Crown Perth Baccarat Revenues Down 24% over Three Years
Crown Perth casino saw a massive decline in baccarat revenues this year, despite a $470 million renovation of the casino’s renovation. Baccarat revenues dropped 24% over the past three years, which has led to a 10% drop in revenues over the 12 months from June 30, 2017 to June 30, 2018.
Western Australia’s Gaming and Wagering Commission issued the report, which shows a tremendous decline in Asian high rollers to the Crown Perth over the past three years. Several factors are given for the drop-off in revenues, but none was bigger than the 2016 arrest of 18 Crown Resorts employees in China.
After Shanghai investigators ruled Crown’s advertising department in China had backed illegal advertisements, 18 employees of the ad department were detained by the Chinese government. Ultimately, the employees spent 9 to 10 months in Chinese custody, before Crown Resorts negotiated their release.
Ultimately, Crown had to pay a $1.5 million fine and sold the remainder of its assets in Macau’s Melco Crown casino company, which renamed itself Melco Resorts & Entertainment. Melco Crown had been a huge factor in Crown Resorts’ rise over the previous ten years.
Crown Stopped Advertising in China
Jason O’Connor, VP of VIP Operations, was the highest ranking Crown executive charged in the incident. Besides leaving the Macau market, Crown also had to stop marketing to the Chinese mainland.
Chinese law does not allow casino companies to advertise individual casino resorts, but they do allow companies to advertise destination cities. Perth no longer received Crown advertisements in China.
Crown Sydney: A High Roller Casino
The numbers from Crown Perth raise alarms for the Crown Sydney, a $1.1 billion casino in the Barangaroo section of Syndey. Crown Resorts won a license from the New South Wales government after agreeing to restrict gambling in the casino only to VIP high rollers.
At the time, Asian high rollers were the fastest growing gambling demographic in the world. China’s economy had experienced a boom unlike any seen in history, which had fueled Macau’s rise to the number one casino destination in the world.
Clampdown on Chinese High Rollers
That was before the anti-corruption crackdown which damaged revenues in Macau by as much as 40% to 45%. Less reported is the fact that many other casino destinations were affected by the crackdown on conspicuous consumption among China’s wealthy elite.
Las Vegas baccarat revenues declined by as much as 20% in the months after the crackdown in Macau, because Chinese officials were concerned about capital flight. Any Chinese high roller leaving the country might be suspected of planning to flee the country before investigators detained them. While many high rollers continued to visit Australian casinos like Crown Perth, enough were dissuaded from doing so that it harmed revenues in the VIP sector.
Baccarat Revenues Are Key
Baccarat revenues are most affected by a decline of Asian high rollers, because baccarat is their game of choice. Baccarat has a house edge as low as 1.06%, making it the casino table game with no strategy required that has the lowest house edge.
Many Chinese high rollers consider the fact baccarat is a game of pure chance to be a good thing. Baccarat players tend to study the tables before joining the game, trying to find the energy flow (chi) at each table. When they believe they’ve found the best table or can sense which side to back, they join the game.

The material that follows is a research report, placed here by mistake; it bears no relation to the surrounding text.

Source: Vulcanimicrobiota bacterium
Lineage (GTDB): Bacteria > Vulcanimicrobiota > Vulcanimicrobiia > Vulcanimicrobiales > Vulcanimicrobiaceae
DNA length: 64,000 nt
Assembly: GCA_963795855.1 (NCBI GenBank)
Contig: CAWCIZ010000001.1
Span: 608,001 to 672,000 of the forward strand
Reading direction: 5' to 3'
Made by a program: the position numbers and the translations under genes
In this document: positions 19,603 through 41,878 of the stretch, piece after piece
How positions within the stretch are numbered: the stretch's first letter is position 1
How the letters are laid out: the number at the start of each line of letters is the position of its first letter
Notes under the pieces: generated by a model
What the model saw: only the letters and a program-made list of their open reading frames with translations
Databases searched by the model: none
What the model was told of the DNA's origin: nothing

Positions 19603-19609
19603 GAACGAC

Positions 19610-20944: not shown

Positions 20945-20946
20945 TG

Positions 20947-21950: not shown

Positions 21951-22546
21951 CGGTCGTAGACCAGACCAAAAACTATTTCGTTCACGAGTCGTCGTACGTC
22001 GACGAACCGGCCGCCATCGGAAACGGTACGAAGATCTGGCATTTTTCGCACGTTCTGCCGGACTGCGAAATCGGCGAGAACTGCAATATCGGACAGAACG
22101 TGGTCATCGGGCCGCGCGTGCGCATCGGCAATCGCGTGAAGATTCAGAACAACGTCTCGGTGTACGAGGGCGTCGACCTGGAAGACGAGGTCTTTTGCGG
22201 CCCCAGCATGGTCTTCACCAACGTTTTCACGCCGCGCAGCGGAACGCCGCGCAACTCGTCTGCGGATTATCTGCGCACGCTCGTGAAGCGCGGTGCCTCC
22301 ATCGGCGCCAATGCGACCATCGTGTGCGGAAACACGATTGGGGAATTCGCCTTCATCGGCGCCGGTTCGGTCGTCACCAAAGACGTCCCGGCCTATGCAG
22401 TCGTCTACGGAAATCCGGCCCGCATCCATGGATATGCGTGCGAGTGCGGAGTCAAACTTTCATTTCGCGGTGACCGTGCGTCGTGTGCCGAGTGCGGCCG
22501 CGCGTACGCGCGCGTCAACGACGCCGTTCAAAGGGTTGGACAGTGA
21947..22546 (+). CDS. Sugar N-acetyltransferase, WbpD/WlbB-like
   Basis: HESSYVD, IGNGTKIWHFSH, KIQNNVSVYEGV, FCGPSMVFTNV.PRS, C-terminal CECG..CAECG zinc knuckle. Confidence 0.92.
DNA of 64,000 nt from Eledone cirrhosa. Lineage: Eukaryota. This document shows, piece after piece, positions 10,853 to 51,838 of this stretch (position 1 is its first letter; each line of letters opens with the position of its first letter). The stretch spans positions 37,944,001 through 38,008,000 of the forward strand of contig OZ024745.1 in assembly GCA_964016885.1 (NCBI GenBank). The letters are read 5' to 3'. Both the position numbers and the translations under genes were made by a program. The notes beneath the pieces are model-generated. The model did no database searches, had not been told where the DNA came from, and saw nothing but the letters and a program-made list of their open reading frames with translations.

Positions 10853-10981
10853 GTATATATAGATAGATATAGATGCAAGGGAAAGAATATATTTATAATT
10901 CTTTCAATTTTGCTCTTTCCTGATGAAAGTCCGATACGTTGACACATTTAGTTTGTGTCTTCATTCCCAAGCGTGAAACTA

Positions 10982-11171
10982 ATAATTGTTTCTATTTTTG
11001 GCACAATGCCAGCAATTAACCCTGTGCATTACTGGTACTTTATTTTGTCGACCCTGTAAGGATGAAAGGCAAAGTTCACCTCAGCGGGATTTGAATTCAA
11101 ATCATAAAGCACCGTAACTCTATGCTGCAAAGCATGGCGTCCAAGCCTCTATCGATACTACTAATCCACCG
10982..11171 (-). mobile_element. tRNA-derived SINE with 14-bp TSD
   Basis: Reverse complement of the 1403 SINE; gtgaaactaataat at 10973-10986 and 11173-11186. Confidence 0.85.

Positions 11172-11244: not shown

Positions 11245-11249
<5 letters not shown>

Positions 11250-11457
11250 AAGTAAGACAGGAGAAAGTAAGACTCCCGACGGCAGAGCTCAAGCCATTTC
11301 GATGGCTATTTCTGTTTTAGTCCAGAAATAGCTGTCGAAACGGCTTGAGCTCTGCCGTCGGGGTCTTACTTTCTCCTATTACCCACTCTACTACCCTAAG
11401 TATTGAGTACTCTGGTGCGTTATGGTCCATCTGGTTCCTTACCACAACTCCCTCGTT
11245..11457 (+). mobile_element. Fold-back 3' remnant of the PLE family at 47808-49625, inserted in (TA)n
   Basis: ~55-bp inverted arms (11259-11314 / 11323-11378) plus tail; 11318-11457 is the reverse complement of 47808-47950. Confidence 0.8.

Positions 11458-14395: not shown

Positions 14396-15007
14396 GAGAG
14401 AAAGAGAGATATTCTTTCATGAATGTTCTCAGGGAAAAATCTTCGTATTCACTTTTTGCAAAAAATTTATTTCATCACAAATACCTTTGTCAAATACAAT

James Packer’s Troubles
The arrests in China led to a return to Crown Resorts for James Packer, after he left the company during his engagement with Mariah Carey. James Packer returned in December 2016, announcing that Crown would focus on Australian operations. Projects in the Philippines and Las Vegas were dropped, which cut off another couple of potential revenue streams for the company.
For a time, it appeared that Packer’s return would boost the company’s fortunes. Packer announced he would focus on the project in Barangaroo, which he deemed the pivotal resort for Crown’s future success. Then earlier this year, James Packer left the company a second time — this time to move to Boston due to “mental health reasons“. His octogenarian mother flew to the United States to see her ailing son.
Weeks later, James Packer left the Boston hospital and moved to his mansion in Argentina. Months later, he moved to Cabo San Lucas, Mexico — a place known for its beaches, bars, and nightlife. Many hoped the change of scenery would usher in a time of calm.
Crown Resorts’ various financial hits do not appear to have dampened the former CEO’s spirits, though he still owns 47% of Crown. Recently, James Packer purchased a home in Los Angeles for $80 million (the home once belonged to Danny Devito). The Aussie billionaire wanted to be nearer to his three children, who live with his former wife in Los Angeles.
Crown Resorts’ Uncertain Future
Crown Resorts faces an uncertain future. It still is the biggest casino company in Australia, but the basic foundation the company built over the past 5 years appears to be shaky at the moment. Crown Perth’s revenues still are among the best in the country, but companies build multi-billion dollar resorts based on leveraging. Big investments need to be paid off.
Which is why it is disturbing that Crown Perth has lost a significant amount of VIP revenues after nearly a half-billion dollar renovation. Western Australia’s Point-of-Consumption Tax could not have come at a worse time.
Of course, the casino industry is unpredictable. Four years ago, Crown looked to be the best-placed of all Australian gambling companies. Its fortunes have waned, but they could swing back in the other direction, based on the next set of unpredictable economic events.